The proposed project is a competing renewal of R01AA017608, which investigated the influence of young men's alcohol intoxication, sexual aggression perpetration history, and partner condom negotiation on their sexual risk behavior through two alcohol administration experiments and follow-up surveys. Findings from the original project suggest that alcohol intoxication and sexual aggression history are predictive of greater condom use resistance and other sexual risk behaviors (e.g., unprotected sex) at both proximal and event levels. Moreover, preliminary results suggest that emotional factors may play a role in these associations, suggesting a promising avenue for continued research. The proposed renewal aims to build upon these findings through investigation of the emotional mechanisms involved in young men's alcohol-related sexual risk behavior to provide an empirical foundation for developing evidence-based sexual risk prevention programs. The proposed project continues and extends the original line of research through multiple methods designed to evaluate distal and proximal emotional factors implicated in alcohol-related sexual risk. Male drinkers aged 21- 30 who use condoms inconsistently (n = 600) will first complete a screening procedure followed by a baseline survey which will assess relevant constructs including negative emotional traits, emotion dysregulation tendencies, and alcohol expectancies. They will then complete a 30 day daily diary assessment of their daily emotional states, daily coping motives pertaining to drinking and sex, and daily drinking and sexual risk behaviors in order to evaluate daily relationships among these factors. Upon completion of the daily monitoring period, the same participants will complete an in-lab experiment assessing in-the-moment effects of alcohol intoxication and provocation on negative emotional states and sexual risk intentions. Generalized linear mixed models will be used to examine the daily influence of emotional states and coping motives on alcohol consumption and sexual risk behaviors. Structural equation modeling and other regression-based analyses will be used to examine experimental effects of alcohol intoxication and provocation on negative emotional states and other mediators, as well as sexual risk intentions. Moderating effects of negative emotional traits, emotion dysregulation tendencies, and alcohol expectancies will also be examined for both daily and in-the-moment processes, and the linkages between event-level and experimental relationships will be investigated. The proposed renewal is both significant and innovative in that it will address the public health concern of men's sexual risk behaviors including condom use resistance; will evaluate the role of emotional processes in men's alcohol-related sexual risk; and will use multiple methods to gather complementary types of data that will elucidate the mechanisms underlying alcohol-related sexual risk behaviors and provide an empirical evidence base from which to develop and inform prevention and intervention programs.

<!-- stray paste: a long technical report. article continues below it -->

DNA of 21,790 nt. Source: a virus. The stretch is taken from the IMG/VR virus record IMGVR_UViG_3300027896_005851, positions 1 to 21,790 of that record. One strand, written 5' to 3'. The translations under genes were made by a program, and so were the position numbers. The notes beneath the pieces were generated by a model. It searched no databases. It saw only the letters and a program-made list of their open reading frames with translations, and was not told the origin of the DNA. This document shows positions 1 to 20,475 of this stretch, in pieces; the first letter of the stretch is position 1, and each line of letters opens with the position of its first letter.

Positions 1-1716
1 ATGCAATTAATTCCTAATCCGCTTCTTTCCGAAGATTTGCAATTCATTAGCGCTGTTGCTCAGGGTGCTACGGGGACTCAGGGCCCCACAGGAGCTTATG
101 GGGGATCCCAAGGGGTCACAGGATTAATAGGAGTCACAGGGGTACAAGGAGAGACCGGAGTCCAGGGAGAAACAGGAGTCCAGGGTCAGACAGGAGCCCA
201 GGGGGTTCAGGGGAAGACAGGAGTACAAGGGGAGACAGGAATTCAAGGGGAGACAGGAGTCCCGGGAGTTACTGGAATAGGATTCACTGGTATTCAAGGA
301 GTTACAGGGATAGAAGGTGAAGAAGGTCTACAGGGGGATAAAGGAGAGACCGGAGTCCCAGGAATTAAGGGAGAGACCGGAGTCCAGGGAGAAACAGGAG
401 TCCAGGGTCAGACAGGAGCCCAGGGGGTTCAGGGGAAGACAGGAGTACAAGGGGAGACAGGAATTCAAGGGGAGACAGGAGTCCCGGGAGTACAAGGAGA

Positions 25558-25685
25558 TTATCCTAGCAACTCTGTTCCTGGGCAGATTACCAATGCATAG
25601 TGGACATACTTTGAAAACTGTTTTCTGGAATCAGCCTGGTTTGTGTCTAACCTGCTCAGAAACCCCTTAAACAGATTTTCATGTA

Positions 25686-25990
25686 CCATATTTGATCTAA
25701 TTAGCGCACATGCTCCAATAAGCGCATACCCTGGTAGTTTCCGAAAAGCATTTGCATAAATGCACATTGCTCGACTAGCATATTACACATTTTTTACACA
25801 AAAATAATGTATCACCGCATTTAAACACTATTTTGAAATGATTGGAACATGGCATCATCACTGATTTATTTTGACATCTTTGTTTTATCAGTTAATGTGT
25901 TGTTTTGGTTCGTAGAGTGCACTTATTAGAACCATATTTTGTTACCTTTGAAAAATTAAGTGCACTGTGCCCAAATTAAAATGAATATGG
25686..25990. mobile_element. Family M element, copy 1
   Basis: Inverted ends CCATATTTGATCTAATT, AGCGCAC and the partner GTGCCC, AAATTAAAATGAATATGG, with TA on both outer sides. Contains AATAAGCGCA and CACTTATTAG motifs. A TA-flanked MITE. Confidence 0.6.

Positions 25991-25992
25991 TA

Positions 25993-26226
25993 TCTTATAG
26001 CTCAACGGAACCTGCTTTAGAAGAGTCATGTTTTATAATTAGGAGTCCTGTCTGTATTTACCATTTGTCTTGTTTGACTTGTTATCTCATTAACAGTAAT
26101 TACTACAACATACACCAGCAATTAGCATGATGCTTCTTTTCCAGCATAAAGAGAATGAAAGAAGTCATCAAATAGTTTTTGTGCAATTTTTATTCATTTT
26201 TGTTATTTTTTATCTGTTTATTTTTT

Young men?s alcohol-related sexual risk behavior and resistance of condom use continues to pose an important public health concern contributing to both unplanned pregnancies and the spread of sexually transmitted diseases such as HIV. This project will advance our ability to understand the roles of alcohol, sexual aggression history, and emotional processes in these risk behaviors by investigating emotions and emotion regulation as mechanisms underlying alcohol-related sexual risk. An understanding of the specific mechanisms which drive condom use resistance and sexual risk behaviors will contribute evidence for the development of science driven behavior-change prevention programs.